By Nadia Dalimonte
George Clooney and Caoilinn Springall in The Midnight Sky (2020)
The stakes feel incredibly low in The Midnight Sky, a dull post-apocalyptic adventure story starring, produced, and directed by George Clooney. Clooney makes a cosmic return to the screen with a project that looks grand, but stumbles with the source material. Based on the 2016 book ‘Good Morning, Midnight’ by Lily Brooks-Dalton, the film follows scientist Augustine (Clooney) who discovers a young girl named Iris (Caoilinn Springall) left behind on his isolated observatory in the year 2049. As the two form an odd bond and find themselves weathering Arctic storms, a parallel thread follows a group of astronauts aboard the spacecraft Aether, headed home from a planet they hoped would be the future. But waiting for them on Earth is an ecological catastrophe threatening the livelihood of all inhabitants. Augustine tirelessly tries a poor radio connection to warn the Aether crew of the dangers ahead.
Lily Brooks-Dalton’s book has an intriguing premise dipped in loneliness and ambition. The story looks at the world’s end through the perspective of characters who are isolated, as their ambitions carry them to a life detached from Earth. Augustine is a celebrated astronomer who has given most of his life to observing the origins of the universe from remote outposts. The beginning of the film introduces him at his current posting, a snowy Barbeau Observatory in the Arctic Circle, of which he’s a terminal patient. Upon the news of a global catastrophe, while the other scientists evacuate, he stays behind in declining health and unrelenting dedication to his work. It’s an incessant ambition Augustine is evidently used to; in hazy flashback scenes of his younger self (Ethan Peck), his partner Jean (Sophie Rundle) urges that he take control of his life otherwise he will lose human connection. There are pangs of regret to Clooney’s character that the actor plays well; he doesn’t have to say much to get the feeling across, as his somber portrayal of Augustine has a lived-in quality to it.
The Midnight Sky has potential on the surface, particularly as a character portrait of loneliness and longing for universal truths through confessions of a lonely mind. But what makes the premise intriguing gets lost in muddled storytelling. Mark L. Smith’s adapted screenplay flickers through plot points without the patience to let them flourish. As a consequence, moments of heightened emotion and moving scenes between the characters fall flat. There are two main threads to this film, and the parallels are drawn poorly from inception all the way to a puzzling ending. Augustine and Iris have a mostly quiet relationship; her appearance in the film is a sudden revelation for him. A reminder of someone he loves dearly. The two eventually find a way of communicating that works. As they brace the blistering elements to find another radio connection, a parallel story follows the group of astronauts aboard the isolated Aether traveling back home. The Aether crew is played by a star-studded cast including Felicity Jones, David Oyelowo, Kyle Chandler, Tiffany Boone, and Demián Bichir. With this much talent in one setting, it is especially disappointing that the screenplay (mainly the character development) are what bring the film down several notches. Each have good little standout moments throughout, but the lack of focus in storytelling trickles down to their performances as they try to elevate above an incoherent screenplay.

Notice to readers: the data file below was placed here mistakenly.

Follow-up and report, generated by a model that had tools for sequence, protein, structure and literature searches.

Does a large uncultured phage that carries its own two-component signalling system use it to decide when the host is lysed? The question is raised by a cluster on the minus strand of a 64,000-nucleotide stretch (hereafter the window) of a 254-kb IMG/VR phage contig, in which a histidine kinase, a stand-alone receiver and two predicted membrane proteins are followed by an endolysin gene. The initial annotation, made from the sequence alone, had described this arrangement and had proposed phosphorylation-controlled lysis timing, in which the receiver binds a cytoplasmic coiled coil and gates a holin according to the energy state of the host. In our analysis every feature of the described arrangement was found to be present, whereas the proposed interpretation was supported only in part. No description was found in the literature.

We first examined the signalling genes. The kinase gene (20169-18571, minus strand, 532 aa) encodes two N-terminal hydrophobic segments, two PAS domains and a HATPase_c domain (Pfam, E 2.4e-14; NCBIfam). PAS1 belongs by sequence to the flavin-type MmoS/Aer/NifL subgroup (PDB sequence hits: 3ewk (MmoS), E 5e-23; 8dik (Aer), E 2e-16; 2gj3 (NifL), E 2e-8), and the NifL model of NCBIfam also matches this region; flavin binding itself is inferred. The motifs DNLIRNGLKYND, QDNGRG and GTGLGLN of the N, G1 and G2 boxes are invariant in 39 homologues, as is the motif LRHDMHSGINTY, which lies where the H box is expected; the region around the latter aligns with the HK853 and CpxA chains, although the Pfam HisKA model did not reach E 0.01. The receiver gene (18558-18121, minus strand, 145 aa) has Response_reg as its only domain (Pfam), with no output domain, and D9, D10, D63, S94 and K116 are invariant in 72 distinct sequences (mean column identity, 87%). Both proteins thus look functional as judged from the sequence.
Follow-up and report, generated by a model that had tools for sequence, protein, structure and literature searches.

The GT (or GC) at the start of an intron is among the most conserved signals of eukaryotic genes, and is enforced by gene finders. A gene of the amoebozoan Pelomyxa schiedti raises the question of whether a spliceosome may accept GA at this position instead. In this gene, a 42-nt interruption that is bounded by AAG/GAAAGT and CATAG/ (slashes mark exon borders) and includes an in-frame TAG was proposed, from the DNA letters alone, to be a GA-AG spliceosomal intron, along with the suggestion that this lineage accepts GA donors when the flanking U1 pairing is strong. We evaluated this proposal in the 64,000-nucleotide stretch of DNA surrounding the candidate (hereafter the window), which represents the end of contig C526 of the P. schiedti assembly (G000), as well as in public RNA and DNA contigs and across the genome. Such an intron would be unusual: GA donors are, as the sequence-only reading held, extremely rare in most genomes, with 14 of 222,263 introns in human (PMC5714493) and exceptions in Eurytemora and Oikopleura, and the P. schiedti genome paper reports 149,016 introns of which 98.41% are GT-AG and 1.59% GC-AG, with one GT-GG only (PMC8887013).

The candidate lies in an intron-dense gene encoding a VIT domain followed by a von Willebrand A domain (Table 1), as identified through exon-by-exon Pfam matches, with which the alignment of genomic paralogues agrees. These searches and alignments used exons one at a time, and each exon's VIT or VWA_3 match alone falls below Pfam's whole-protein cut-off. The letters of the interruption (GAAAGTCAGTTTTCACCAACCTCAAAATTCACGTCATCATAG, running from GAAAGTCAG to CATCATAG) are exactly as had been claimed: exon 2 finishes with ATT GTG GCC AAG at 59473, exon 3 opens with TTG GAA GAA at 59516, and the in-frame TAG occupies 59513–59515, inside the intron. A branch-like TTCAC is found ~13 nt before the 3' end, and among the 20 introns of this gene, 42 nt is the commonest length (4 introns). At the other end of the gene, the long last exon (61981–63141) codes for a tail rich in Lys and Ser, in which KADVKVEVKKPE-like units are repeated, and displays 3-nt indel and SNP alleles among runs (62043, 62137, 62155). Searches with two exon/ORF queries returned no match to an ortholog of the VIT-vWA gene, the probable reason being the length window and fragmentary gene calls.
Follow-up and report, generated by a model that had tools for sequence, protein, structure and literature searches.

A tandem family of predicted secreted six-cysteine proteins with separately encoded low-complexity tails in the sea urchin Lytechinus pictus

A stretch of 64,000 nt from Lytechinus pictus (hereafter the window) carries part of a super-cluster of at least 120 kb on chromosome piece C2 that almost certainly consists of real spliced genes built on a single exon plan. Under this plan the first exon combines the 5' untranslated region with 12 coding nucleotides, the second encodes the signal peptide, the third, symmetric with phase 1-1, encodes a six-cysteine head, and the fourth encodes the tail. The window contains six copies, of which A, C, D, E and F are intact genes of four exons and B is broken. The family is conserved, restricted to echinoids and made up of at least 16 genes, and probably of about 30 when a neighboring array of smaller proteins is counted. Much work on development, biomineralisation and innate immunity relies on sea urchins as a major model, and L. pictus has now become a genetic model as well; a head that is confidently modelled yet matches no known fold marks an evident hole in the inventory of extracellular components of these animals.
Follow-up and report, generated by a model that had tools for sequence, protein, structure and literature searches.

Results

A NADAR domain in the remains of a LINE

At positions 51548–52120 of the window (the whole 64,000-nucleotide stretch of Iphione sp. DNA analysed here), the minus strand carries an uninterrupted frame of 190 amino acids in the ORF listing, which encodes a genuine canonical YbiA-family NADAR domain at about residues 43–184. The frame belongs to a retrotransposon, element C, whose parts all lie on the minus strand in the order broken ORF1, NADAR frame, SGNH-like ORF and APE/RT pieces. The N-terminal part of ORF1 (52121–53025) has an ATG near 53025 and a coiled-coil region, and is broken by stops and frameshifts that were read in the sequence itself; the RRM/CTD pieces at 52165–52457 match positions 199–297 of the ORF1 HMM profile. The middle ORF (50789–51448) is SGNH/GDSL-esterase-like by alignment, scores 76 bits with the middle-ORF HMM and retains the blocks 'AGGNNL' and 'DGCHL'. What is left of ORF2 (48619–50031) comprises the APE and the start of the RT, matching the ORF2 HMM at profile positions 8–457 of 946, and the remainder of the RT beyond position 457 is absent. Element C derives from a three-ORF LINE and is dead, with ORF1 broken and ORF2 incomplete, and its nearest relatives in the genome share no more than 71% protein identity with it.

Moments of emotional engagement feel few and far between in The Midnight Sky. Clooney’s direction is fine; there are some lovely celestial scenes that reflect and compliment Augustine’s frame of mind in particular. He establishes a strong setting of isolation in the Arctic; interrupting the quiet atmosphere are some messy action sequences that appear on screen in mostly jarring ways, and feel strategically placed simply to incorporate tension. Alexandre Desplat, who usually delivers, adds a super sentimental soundtrack to the story. There are also some jumpy musical notes that often don’t gel with certain moments. From a technical standpoint, the film is hit or miss throughout. For every moment of spectacle, there is one of distracting visual effects.
At the heart of The Midnight Sky is a group of isolated individuals trying to find their way home. There is potential for an emotional impact here but it never reaches the surface. Clooney brings ambition to the film by drawing parallels between the two storylines. By the end of its 2 hour runtime, however, it becomes clear that not enough patience was implemented along the way for all the threads to truly come together in a coherent or engaging way.